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  3. JAYRAM

    JAYRAM 2 STRIKE CORPS Senior Member

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    New iPad vs iPad 2: which should you choose?

    By Dan Grabham

    4 hours ago

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    So the confusingly-named new iPad has been announced.

    But how does it differ from the iPad 2 - which, coincidentally, will still be available to buy and - better still - has fallen in price.

    The two devices are pretty similar in many ways, so we thought we'd do a straight-down-the-line comparison of the raw specs to see what's been enhanced for the new iPad.

    See what's new in the next-gen iPad in our first look video:

    [video]http://bcove.me/3d5kdahi[/video]

    It's time for a new iPad vs iPad 2 face-off. Or screen-off, as it turns out...

    New iPad vs iPad 2: Processor

    The original iPad introduced the spoils of Apple's 2008 acquisition of semiconductor company P.A. Semi. The Apple A4 was an ARM Cortex-A8-based core clocked at 1GHz. The iPad 2 introduced the A5, a dual-core chip based on the new ARM Cortex-A9 design. The A5 is clocked at 1 GHz. We don't yet know what the new iPad's A5X is clocked at, but it remains a dual-core chip.

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    New iPad vs iPad 2: Graphics

    What the A5X does have is better graphics capability - with Apple saying the new processor has quad-core graphics. Like the iPhone 4, the iPad and iPad 2 both had an Imagination Technologies PowerVR SGX-based graphics chip and we expect the new iPad is the same.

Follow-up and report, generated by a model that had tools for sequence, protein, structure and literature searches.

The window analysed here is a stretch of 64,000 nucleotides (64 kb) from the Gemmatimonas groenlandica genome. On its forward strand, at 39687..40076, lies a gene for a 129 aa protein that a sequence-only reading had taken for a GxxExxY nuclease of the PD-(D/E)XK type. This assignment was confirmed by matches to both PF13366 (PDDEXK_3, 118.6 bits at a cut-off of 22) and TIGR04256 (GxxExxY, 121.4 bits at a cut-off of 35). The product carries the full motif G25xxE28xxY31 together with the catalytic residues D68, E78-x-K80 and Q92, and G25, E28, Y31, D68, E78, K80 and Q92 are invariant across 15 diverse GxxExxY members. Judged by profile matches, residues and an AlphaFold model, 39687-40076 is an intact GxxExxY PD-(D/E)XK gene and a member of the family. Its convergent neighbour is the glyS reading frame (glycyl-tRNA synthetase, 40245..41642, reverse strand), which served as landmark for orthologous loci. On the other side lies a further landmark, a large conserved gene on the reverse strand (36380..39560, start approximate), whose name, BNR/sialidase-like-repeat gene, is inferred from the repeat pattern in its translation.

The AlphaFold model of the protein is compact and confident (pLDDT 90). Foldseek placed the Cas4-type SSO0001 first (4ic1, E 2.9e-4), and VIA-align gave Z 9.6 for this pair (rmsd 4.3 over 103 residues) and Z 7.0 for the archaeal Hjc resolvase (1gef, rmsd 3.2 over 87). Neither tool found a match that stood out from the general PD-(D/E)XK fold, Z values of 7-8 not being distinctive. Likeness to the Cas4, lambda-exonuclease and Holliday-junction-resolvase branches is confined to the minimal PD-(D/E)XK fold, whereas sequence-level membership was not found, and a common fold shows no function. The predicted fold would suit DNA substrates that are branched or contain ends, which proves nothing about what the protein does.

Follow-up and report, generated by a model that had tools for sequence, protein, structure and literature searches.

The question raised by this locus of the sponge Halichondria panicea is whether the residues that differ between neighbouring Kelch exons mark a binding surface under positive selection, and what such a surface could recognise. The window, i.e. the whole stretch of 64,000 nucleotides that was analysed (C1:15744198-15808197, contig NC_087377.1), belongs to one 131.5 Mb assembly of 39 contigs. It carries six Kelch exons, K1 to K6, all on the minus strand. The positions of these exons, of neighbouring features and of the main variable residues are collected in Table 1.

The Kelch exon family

Apple reckons the new graphics are "twice as fast" as Nvidia's Tegra 3, and offers four time the graphics performance of Nvidia's chip. We're not sure Nvidia will let Apple get away with that one - and we're not even sure it can be true - Tegra 3's performance is stunning and the Tegra 3 GPU has 12 GeForce graphics cores...

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    New iPad vs iPad 2: Memory

    Like the original iPad and iPad 2, the new iPad comes loaded with 16GB, 32GB or 64GB of what is presumably still Toshiba-manufactured flash storage. iPad 2 packed 512MB of memory, but we don't yet have details on the new iPad, though we reckon it has to be 1GB.

    New iPad vs iPad 2: Display

    The screen is where the big change has happened. The iPad 2 inherited the 1024 x 768 LED-backlit display from the original iPad. The new iPad ups this significantly, with a 2048 x 1536 resolution display that has 264 pixels per inch - the pixels themselves are indistinguishable, just as on the iPhone 4 and 4S. Both are 9.7-inch displays and have a fingerprint-resistant oleophobic coating.